This is a particular challenge for e-learning development, where you might have thousands of learners taking an online course.
But e-learning also offers plenty of tools for adapting to individual ability. Some simple techniques are tooltips (so learners unfamiliar with terms can hover over them for a definition), hints (for when learners get stuck), and well-written feedback (to highlight why a particular answer or solution is wrong).
More complicated scaffolding is possible with adaptive learning experiences, which show or hide content based on actions the learner takes.
Taken together, these five theories describe the approach taken by the Emerald Works Custom Team to develop courses, videos, animations, infographics and other resources, to solve real-world organizational challenges.
Nudge theory and action mapping help us define and diagnose issues. The Affective Context Model helps us think about what matters to learners, and how to make issues matter. Then the zone of proximal development and scaffolding theories of Vygotsky and Bruner help us shape experiences and resources that offer support to those who need it, while focusing on skill development.
 MYTHS AND WORSE, ‘New Scientific Review of Learning Styles’. Available here. (Accessed March 2021.)
 Robert H. Shmerling, MD, ‘Right brain/left brain, right?’ (2019). Available here. (Accessed March 2021).
 Emerald Works, ‘Podcast 158 - Attention spans: With apologies to goldfish’ (2019). Available here. (Accessed March 2021.)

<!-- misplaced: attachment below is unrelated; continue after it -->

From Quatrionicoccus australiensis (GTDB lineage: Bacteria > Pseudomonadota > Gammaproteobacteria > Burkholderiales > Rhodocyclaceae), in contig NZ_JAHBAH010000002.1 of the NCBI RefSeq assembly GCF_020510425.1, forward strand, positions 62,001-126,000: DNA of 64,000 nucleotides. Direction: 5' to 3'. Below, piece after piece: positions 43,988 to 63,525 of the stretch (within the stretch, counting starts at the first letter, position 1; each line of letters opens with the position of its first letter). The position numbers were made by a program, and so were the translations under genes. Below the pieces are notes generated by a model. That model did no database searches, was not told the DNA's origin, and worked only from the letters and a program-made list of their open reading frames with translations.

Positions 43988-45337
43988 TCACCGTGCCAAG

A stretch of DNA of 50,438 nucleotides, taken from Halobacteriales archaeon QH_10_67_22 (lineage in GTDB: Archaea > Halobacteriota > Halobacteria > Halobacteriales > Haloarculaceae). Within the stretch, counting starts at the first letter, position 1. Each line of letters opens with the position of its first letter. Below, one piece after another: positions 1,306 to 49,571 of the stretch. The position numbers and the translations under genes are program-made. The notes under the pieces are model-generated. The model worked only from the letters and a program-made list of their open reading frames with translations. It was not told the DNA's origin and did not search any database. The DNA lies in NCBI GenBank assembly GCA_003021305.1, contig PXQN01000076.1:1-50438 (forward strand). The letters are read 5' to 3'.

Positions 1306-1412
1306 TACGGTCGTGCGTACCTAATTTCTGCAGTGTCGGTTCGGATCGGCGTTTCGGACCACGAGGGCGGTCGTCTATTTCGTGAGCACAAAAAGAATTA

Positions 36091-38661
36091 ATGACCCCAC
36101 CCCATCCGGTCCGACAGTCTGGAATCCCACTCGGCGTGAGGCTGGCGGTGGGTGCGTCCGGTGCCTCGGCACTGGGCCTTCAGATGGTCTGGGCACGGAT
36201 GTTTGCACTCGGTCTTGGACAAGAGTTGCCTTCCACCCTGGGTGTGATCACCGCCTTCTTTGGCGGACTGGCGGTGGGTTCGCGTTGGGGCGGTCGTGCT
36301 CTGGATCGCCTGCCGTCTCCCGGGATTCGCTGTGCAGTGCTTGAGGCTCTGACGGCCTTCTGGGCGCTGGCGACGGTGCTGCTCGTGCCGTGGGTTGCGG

Leonard, T. C. (2008). Richard H. Thaler, Cass R. Sunstein, Nudge: Improving decisions about health, wealth, and happiness.
 Daniel, K. (2017). Thinking, fast and slow.
 ‘Nudge 2.0’ (2019). Available here. (Accessed March 2021.)
 ‘Action mapping: A visual approach to training design’ Available here. (Accessed March 2021.)
 ‘Towards a Working Theory of Learning: The Affective Context Model’. Available here. (Accessed March 2021.)
 ‘Zone of Proximal Development’ (2017). Available here. (Accessed March 2021.)
 Anna Shcvarts and Arthur Bakker, ‘The early history of the scaffolding metaphor: Bernstein, Luria, Vygotsky, and before’ (2019). Available here. (Accessed March 2021.)
You may also be interested in…
Just as the public sector really began to address the realities and implications of Brexit, COVID introduced a whole new level of seismic change.
March 2021Read More
No organisation escaped the pandemic unscathed. But throughout the crisis, the public sector has been trailing significantly behind both top industry performers and the private sector.
February 2021Read More